Hoanib River flood deposits of Namib Desert interdunes as analogues for thin permeability barrier mudstone layers in aeolianite reservoirs.

Journal article
(Original article)


Publication Details

Author(s): Stanistreet IG, Stollhofen H
Journal: Sedimentology
Publisher: Wiley-Blackwell
Publication year: 2002
Journal issue: 49
Pages range: 719-736
ISSN: 0037-0746
Language: English


Abstract


The ephemeral braided Hoanib River of NW Namibia flows for a few days a

year, and only high discharges enable the river to pass through interdunal

depressions within the northern Namib Desert dune field to the Atlantic. The

dune field comprises mainly large transverse dunes resulting from

predominant SSW winds. River flood deposits between aeolian dunes are

analogous to mudstone layers conformably interbedded with ancient

aeolianite dune foresets. Deep floods pond laterally to considerable depths

(metres to >10 m) in adjacent interdunes, depositing mud layers (1–50 cm) to

considerable heights on avalanche and stoss faces of bounding dunes. Fairly

passive flooding only disturbs aeolian stratification minimally. Floodwater

clay infiltrates and settles as an impermeable seal, with a flood pond on top,

perched, above regional groundwater. Flood ponds evaporate slowly for long

periods (>3 years). Early emergence desiccates higher parts of a mud layer.

Subsequent floods can refill a predecessor pond, benefiting from the existing

impervious seal. Potential preservation of such mud layers is lower on the

stoss face, but high on the avalanche face after burial by subsequent dune

reactivation and migration. The leeward (right) Hoanib bank, a dune stoss face,

is river and wind eroded to exhume fossil interdune pond mud layers of an

earlier Hoanib channel. The highly inclined layers are interbedded with dune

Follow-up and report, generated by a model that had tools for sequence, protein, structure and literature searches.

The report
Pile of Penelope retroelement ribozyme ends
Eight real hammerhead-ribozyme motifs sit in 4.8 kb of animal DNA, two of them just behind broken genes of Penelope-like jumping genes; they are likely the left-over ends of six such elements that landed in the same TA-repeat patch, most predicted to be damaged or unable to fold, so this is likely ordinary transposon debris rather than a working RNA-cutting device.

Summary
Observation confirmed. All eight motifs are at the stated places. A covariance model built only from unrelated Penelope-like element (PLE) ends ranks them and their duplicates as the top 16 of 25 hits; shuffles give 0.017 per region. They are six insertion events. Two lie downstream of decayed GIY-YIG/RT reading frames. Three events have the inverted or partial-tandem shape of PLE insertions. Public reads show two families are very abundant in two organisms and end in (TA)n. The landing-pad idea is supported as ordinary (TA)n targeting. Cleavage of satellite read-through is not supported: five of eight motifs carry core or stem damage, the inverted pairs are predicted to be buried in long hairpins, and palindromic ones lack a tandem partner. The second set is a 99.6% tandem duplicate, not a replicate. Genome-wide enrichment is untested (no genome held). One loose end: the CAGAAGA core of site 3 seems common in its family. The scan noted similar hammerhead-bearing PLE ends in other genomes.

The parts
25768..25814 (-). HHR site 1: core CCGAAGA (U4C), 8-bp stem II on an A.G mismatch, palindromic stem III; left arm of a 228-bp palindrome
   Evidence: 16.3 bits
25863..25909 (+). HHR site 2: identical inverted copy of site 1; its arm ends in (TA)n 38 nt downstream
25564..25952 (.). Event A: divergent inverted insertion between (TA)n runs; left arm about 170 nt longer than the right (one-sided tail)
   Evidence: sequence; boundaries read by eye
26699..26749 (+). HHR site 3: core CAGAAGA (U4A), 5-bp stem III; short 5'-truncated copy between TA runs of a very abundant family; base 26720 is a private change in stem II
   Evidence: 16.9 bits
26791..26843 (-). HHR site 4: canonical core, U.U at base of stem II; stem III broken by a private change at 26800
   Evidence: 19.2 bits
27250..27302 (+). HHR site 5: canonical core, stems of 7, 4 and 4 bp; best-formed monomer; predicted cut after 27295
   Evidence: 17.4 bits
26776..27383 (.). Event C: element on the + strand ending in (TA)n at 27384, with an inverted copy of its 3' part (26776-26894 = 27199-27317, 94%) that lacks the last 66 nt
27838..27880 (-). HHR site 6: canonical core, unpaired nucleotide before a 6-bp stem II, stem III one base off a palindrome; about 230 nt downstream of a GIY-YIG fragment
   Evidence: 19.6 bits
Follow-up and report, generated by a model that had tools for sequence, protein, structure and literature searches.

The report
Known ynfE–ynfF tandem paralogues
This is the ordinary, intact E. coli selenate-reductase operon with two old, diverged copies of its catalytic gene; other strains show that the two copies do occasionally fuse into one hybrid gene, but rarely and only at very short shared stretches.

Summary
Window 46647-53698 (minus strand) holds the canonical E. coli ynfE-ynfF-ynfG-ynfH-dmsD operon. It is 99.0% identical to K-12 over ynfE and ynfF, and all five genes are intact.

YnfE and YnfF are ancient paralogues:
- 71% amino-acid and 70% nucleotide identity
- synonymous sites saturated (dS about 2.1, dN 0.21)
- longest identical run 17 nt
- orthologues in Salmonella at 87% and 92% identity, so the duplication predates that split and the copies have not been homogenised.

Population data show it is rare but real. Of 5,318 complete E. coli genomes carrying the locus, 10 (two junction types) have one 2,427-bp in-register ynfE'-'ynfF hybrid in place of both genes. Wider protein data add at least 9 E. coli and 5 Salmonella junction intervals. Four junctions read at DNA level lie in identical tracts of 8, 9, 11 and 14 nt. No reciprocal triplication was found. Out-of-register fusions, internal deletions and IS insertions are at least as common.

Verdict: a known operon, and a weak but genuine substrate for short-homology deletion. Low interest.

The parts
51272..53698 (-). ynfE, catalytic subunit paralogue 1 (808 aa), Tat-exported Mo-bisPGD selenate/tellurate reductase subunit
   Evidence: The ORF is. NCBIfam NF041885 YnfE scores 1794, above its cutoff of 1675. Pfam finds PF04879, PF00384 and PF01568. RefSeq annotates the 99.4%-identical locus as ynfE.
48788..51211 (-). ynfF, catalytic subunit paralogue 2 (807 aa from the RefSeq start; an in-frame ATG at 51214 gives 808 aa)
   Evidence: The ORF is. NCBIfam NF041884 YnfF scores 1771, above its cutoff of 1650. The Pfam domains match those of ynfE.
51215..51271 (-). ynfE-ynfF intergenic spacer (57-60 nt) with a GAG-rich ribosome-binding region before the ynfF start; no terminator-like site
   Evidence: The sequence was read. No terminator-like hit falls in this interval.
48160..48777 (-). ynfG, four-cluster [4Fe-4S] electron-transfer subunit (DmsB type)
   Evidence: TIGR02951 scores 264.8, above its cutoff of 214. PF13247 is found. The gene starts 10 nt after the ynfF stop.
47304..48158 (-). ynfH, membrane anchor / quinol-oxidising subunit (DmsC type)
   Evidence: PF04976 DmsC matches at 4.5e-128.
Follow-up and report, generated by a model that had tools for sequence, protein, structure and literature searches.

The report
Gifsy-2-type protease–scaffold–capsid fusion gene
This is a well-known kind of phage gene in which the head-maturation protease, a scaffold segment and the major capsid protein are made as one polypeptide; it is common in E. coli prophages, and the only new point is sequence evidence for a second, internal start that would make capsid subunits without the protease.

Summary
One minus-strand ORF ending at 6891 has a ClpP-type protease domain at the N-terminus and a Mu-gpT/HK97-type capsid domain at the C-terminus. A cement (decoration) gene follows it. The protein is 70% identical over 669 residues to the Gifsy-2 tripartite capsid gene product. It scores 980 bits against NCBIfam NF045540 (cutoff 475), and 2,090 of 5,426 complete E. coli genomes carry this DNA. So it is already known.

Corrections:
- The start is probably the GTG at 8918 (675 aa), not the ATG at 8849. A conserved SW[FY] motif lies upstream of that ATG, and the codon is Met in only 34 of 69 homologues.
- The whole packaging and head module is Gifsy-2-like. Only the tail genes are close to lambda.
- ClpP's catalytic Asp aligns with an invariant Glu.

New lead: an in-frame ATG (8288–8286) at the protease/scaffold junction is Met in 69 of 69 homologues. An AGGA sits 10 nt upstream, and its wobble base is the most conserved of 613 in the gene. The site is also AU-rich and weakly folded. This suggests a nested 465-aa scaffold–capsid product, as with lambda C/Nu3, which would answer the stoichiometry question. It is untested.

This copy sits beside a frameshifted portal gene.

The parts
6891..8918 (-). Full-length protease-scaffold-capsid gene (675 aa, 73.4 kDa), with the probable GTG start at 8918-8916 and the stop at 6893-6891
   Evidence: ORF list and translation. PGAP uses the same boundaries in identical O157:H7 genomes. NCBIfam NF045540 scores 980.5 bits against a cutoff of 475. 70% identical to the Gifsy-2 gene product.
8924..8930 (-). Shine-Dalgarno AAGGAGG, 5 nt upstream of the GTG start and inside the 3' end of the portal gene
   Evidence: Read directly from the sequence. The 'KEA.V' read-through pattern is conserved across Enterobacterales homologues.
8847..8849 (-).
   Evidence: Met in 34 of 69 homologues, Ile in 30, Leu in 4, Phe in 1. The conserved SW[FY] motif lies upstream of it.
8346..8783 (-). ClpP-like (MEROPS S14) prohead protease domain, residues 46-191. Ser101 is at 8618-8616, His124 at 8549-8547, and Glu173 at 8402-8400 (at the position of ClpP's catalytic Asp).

avalanche foresets and represent the edges of two successive fossil ponds

exposed in plan. Ancient flood pond mudstones occur in the Permian–Triassic

hydrocarbon reservoir, the Sherwood Sandstone Group of the Cheshire Basin

(Kinnerton Formation) and Irish Sea Basin and were previously used

erroneously to argue against the aeolian origin of cross-bed sets. Hoanib

studies show that primary river interaction with a dune field might preserve

only localized erosional omission surfaces in ancient aeolianites, with little

sandy barform preservation, prone to aeolian reworking. Around the main

fluvial channel locus, however, flood pond mudstone layers should form a

predictable halo, within which fluid permeability will decrease.



FAU Authors / FAU Editors

Stollhofen, Harald Prof. Dr.
Lehrstuhl für Geologie (Exogene Dynamik)


External institutions with authors

The University of Liverpool


How to cite

APA:
Stanistreet, I.G., & Stollhofen, H. (2002). Hoanib River flood deposits of Namib Desert interdunes as analogues for thin permeability barrier mudstone layers in aeolianite reservoirs. Sedimentology, 49, 719-736. https://dx.doi.org/10.1046/j.1365-3091.2002.00458.x

MLA:
Stanistreet, Ian G., and Harald Stollhofen. "Hoanib River flood deposits of Namib Desert interdunes as analogues for thin permeability barrier mudstone layers in aeolianite reservoirs." Sedimentology 49 (2002): 719-736.

BibTeX: 

Last updated on 2018-16-10 at 02:10